Game & Fish Commission to alter flooding controls at three wildlife management areas to protect duck habitats

by Roby Brock ([email protected]) 465 views 

Courtesy Arkansas Game & Fish Commission.

Three Arkansas Game and Fish Commission’s wildlife management areas (WMAs) will undergo changes to water control measures during the waterfowl wintering period in order to protect stress on the forests and to promote reforestation in those quadrants.

The publicly-accessible George H. Dunklin Jr. Bayou Meto WMA, Henry Gray Hurricane Lake WMA and Earl Buss Bayou DeView WMA will undergo altered flooding operations to prevent further stress to valuable red oak species on traditionally flooded bottomland hardwood forests and to assist with new growth for future duck habitats, the AGF&C said.

“We really started talking about these issues and the need for change in water management in 2017, and a lot of work has gone on behind the scenes to study and build the groundwork for major renovations to infrastructure,” said Brad Carner, chief of wildlife management for the AGFC. “Hunters will begin to see some changes in how flooding occurs on these areas as we now move forward with some of the actions developed through that background work.”

The first change will come at Henry Gray Hurricane Lake WMA near Bald Knob. Trees in the area’s former south greentree reservoir (GTR) saw a massive die-off in 2018, which led to the AGFC leaving the water-control gates open and drafting plans to help water flow through the area. Trees in the area’s north GTR also had substantial stress when the die-off occurred, and continued flooding during the growing season has added to that damage.

“Beginning this year, we will leave the Glaise Creek water control structure open to allow water to flow through the north GTR instead of artificially holding it back,” Carner said. “The area can still flood with substantial rainfall or rises in the White River, but we can’t continue to artificially hold water on the area and add additional stress to the trees there.”

Bayou Meto also will see some changes this year in managed water levels. Much of the red oak component in Bayou Meto is showing severe stress, and managers will hold all intentional flooding during the 2021-22 wintering period at 179 MSL, an elevation that will relieve stress on many of those trees. Again, rain and increased flow into the water management area will allow water to rise above that level periodically, but artificial flooding will be stopped at the 179 MSL mark.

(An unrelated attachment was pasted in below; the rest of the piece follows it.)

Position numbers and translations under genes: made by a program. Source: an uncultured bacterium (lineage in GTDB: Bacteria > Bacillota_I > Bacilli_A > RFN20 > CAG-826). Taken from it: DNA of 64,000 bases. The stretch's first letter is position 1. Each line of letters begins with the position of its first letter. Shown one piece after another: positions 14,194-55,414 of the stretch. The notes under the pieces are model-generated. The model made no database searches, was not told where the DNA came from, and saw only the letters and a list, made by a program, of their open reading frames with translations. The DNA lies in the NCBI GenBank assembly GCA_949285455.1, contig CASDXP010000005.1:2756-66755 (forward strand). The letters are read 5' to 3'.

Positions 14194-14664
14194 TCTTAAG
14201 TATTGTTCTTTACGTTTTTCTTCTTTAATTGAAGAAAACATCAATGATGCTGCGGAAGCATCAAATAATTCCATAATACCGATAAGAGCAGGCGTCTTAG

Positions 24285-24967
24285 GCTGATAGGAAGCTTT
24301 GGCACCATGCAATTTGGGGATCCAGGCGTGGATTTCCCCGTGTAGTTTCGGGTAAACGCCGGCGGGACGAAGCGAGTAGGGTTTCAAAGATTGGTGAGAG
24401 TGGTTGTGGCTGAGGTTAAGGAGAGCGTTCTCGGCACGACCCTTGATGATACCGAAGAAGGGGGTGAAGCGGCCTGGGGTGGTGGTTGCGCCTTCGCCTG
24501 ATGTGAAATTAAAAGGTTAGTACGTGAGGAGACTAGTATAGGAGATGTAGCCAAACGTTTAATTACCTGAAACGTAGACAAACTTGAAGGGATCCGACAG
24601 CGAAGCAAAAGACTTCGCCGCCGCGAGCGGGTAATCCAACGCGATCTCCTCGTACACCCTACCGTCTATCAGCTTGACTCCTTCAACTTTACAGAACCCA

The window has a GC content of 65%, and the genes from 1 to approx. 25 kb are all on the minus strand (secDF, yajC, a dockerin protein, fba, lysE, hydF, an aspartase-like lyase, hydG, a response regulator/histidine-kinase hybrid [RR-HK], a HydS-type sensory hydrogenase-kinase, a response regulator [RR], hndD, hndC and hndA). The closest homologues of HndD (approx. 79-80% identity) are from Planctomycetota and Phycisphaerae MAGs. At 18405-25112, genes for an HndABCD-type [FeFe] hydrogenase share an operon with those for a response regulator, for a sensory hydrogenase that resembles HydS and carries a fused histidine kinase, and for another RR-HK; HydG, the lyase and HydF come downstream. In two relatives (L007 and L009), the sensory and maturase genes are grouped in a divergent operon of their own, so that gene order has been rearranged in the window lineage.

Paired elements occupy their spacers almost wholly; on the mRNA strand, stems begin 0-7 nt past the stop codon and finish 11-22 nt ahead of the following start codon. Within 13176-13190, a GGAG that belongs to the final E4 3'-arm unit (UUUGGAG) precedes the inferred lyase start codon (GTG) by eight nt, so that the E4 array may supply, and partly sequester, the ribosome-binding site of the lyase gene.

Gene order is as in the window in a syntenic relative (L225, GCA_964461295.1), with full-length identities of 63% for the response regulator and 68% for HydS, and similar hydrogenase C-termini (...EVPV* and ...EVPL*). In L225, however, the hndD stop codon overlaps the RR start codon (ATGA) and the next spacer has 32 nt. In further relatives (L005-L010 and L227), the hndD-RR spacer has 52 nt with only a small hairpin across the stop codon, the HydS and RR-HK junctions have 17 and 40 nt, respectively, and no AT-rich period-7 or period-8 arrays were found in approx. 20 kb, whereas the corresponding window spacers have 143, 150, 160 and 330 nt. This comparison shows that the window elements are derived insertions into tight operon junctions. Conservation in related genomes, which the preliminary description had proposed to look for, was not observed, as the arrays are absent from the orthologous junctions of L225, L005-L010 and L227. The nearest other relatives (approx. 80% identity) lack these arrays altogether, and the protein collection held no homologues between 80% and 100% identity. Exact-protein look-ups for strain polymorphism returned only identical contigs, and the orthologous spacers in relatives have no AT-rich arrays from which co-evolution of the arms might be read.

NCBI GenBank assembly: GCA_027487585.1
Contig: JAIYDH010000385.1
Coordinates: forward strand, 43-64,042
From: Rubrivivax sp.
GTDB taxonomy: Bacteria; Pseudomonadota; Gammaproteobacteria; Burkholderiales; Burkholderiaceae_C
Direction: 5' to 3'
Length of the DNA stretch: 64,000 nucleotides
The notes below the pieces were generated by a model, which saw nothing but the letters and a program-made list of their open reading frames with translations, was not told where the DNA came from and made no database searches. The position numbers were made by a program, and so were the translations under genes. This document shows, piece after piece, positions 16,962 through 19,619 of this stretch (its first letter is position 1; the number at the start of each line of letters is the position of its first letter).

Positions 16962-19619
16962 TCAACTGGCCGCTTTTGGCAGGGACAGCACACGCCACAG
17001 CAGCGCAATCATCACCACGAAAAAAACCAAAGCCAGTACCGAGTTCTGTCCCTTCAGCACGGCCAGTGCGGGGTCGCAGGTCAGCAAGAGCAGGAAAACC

“This will potentially leave 1,857 acres of Bayou Meto’s greentree reservoirs with unmanaged water,” Carner said. Fifteen percent of the Government Cypress GTR, 27 percent of Upper Vallier and 8 percent of Lower Vallier greentree reservoirs will be affected.”

The third change to water management will come at Bayou DeView WMA. The Thompson Tract on the water management area also will be allowed to rise and fall naturally without the gates being operated beginning with the 2021-22 season. Instead of saving stressed trees, the action at this greentree reservoir is an effort to help the next generation of forest.

“Wildlife stand improvements in 2019 opened up the canopy of that forest and allowed sunlight to reach the forest floor,” Carner said. “We’ve seen an excellent crop of willow oaks sprout from that effort. Logging being conducted in Bayou DeView will open more forest up for this regeneration to create the next forest and benefit ducks and other wildlife. We need to allow water to flow freely through the area to protect those young trees that will one day be the forest our children and grandchildren will hunt.”

Carner explained that although trees are very long-lived, they do have a lifespan and do have an age when their productivity drops.

“As trees lose their productivity from age or severe stress, we must make room and care for the young trees that will take their place,” Carner said. “It will be decades before the seedlings we see today are producing acorns for wildlife, and we need to manage for that transition now to prevent larger-scale habitat loss in the future.”

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